My Writing Space by Mike Jecks
Michael Jecks is the well-known author of many, mostly historical crime novels.
‘It is a bit of a shock to realise that I’ve been a professional author for 23 years, now. I’ve published 41 novels, 6 collaborative books and several short stories. I’d never have thought I’d have done so much when I first sat at my kitchen table with a typewriter in 1994.
That was how I started, as most writers do: with a keyboard and a sheaf of papers. Except… well, it wasn’t ideal. The pine dining chair, the low table – the only good aspect was the Rayburn behind me, which did at least keep me warm. So I progressed from kitchen table to a trestle table (thank you, Ikea) and shelves of books nearby, together with an IBM PS2 ‘borrowed’ from the firm that dispensed with my services, until I could afford a shiny AST laptop.
When we moved to Devon, that machine caught the ’flu, and I progressed to a Toshiba and even more bookshelves. However, as the family expanded, we had to move house again, and at last I found my perfect working space. The house had been a butcher’s. At one side was his living space, at the other his shop, which is now my office. Along all the walls I’ve built fitted shelves, so all my research material is within reach. In 2006 I dispensed with the Ikea trestle at last, and instead I bought a 1930s partners’ desk. It’s enormous, so I can have all my research, notes and other essentials to hand. On the wall there’s a whiteboard (6 by 4 feet) on which I note ideas, plans, essential dates and anything else that I know I’ll otherwise forget.
Usually I’ll be sitting at the desk for up to 14 hours a day. That means comfort is pretty important. I used to have a captain’s chair, a low-backed, swivel office seat in leather. It was great, until the cracking noise one day when I leaned back. Then I bought a gorgeous, wrap-around leather chair – I had the best dozes ever in that – until the mechanism to raise and lower the seat broke, and I started to get really bad backache. It’s a function of poor sitting position and old age, I guess, but it led me to search for another chair. The one in the photo I found second-hand, and it’s perfect. It has adjustable height, backrest, headrest, armrests, squab – everything. It was a bit challenging at first to get it right, but it was well worth the effort.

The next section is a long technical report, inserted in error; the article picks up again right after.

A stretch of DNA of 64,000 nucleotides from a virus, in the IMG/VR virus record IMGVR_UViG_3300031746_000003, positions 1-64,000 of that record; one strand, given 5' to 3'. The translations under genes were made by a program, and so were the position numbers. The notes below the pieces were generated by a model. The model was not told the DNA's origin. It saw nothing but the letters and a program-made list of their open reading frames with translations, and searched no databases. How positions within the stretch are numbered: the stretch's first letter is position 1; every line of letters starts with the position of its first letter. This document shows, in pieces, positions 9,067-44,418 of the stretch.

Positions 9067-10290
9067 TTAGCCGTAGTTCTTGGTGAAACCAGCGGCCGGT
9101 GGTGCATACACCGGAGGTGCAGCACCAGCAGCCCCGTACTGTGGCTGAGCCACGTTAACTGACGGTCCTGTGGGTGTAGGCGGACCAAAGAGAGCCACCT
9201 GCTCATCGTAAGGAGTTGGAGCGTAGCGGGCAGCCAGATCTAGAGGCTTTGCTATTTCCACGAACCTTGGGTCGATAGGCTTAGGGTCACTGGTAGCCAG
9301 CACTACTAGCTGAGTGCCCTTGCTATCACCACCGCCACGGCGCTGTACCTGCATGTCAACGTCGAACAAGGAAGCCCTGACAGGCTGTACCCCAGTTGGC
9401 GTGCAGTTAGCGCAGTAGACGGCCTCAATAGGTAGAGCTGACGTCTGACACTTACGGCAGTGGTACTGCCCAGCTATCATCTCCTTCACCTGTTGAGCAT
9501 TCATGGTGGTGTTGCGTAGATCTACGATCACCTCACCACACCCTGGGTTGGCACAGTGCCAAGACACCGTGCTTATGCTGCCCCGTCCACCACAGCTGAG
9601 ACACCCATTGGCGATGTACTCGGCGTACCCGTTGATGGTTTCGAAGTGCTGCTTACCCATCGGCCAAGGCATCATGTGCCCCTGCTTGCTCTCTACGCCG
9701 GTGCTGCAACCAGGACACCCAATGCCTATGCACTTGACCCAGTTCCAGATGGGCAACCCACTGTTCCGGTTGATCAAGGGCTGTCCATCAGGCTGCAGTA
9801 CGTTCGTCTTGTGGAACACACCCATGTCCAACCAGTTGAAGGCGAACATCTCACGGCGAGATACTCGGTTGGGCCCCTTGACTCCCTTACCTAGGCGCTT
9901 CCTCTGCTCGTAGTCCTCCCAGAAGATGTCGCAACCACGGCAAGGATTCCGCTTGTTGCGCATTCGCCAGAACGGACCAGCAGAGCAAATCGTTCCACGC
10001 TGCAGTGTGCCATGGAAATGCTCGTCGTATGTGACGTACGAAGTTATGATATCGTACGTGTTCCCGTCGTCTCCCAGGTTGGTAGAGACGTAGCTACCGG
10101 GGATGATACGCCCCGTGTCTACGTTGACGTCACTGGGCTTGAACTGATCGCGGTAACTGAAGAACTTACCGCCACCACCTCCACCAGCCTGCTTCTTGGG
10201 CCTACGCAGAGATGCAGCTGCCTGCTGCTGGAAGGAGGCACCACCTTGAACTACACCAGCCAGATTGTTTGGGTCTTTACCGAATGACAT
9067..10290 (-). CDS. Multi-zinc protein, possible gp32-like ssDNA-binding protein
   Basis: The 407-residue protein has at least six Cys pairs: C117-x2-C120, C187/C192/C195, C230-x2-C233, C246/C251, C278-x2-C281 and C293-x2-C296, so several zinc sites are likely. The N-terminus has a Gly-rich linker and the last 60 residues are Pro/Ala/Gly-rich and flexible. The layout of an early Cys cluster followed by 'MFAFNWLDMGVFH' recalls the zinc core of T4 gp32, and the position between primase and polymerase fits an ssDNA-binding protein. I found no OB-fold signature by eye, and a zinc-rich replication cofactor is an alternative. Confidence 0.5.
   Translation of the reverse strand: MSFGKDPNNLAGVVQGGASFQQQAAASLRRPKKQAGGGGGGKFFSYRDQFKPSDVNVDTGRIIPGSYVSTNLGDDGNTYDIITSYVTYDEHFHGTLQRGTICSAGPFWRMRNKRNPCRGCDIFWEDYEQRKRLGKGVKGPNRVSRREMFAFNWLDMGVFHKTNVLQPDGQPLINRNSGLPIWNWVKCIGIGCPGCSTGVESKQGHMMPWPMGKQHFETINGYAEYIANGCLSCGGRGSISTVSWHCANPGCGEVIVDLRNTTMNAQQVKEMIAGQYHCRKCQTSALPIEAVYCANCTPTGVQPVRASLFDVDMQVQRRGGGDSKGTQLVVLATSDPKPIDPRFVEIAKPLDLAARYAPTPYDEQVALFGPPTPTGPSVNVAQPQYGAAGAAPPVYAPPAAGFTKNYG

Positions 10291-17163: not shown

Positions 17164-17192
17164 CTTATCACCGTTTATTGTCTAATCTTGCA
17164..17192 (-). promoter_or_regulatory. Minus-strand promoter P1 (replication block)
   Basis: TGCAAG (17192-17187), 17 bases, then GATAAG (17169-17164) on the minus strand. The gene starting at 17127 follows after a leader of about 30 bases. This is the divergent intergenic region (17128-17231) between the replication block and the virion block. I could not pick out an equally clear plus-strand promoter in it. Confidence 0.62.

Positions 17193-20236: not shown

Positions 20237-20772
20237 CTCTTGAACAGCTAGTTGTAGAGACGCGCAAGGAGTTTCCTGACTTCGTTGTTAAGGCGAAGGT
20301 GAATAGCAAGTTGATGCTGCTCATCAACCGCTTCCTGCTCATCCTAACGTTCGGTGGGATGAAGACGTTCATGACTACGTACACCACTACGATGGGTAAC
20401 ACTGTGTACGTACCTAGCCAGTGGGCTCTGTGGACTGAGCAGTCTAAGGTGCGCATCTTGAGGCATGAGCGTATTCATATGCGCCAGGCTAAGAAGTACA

Now things are changing again. Last year I had an accident and badly damaged my knee and ankle. While talking to my physio, I was advised to stand while working (she told me that it’s the same as running a marathon once a year. I hope you’re impressed). I’m finding it works well for me. As you can see, it’s set between two of my bookshelves, under my stationery shelf, so I am enclosed; focused on the work at hand. I have a small speaker for music, space for pens and inks, paper near to hand, and space for my laptop when I need it. Yes, paper and pens. This may sound odd, but I have started handwriting my books. Why? Well, I’ve now suffered three catastrophic computer failures in the last few years. It persuaded me to start thinking about writing longhand. Does it take longer? Yes, to produce the first draft, but I think overall it’s not dissimilar to writing straight to keyboard because in the past I would write for hours, and later on I’d print and redraft, a process that took ages. Now I write longhand and the first typing is itself the redraft. Two quick read-throughs after that and the book is much nearer completion.
So now most of my books are written in pen and ink while standing up. I didn’t expect that when I first started writing, either.’
Mike’s latest book is:
A Murder Too Soon (HB and EB)
No 2 in the Bloody Mary Tudor series
Published by Severn House
Find out more.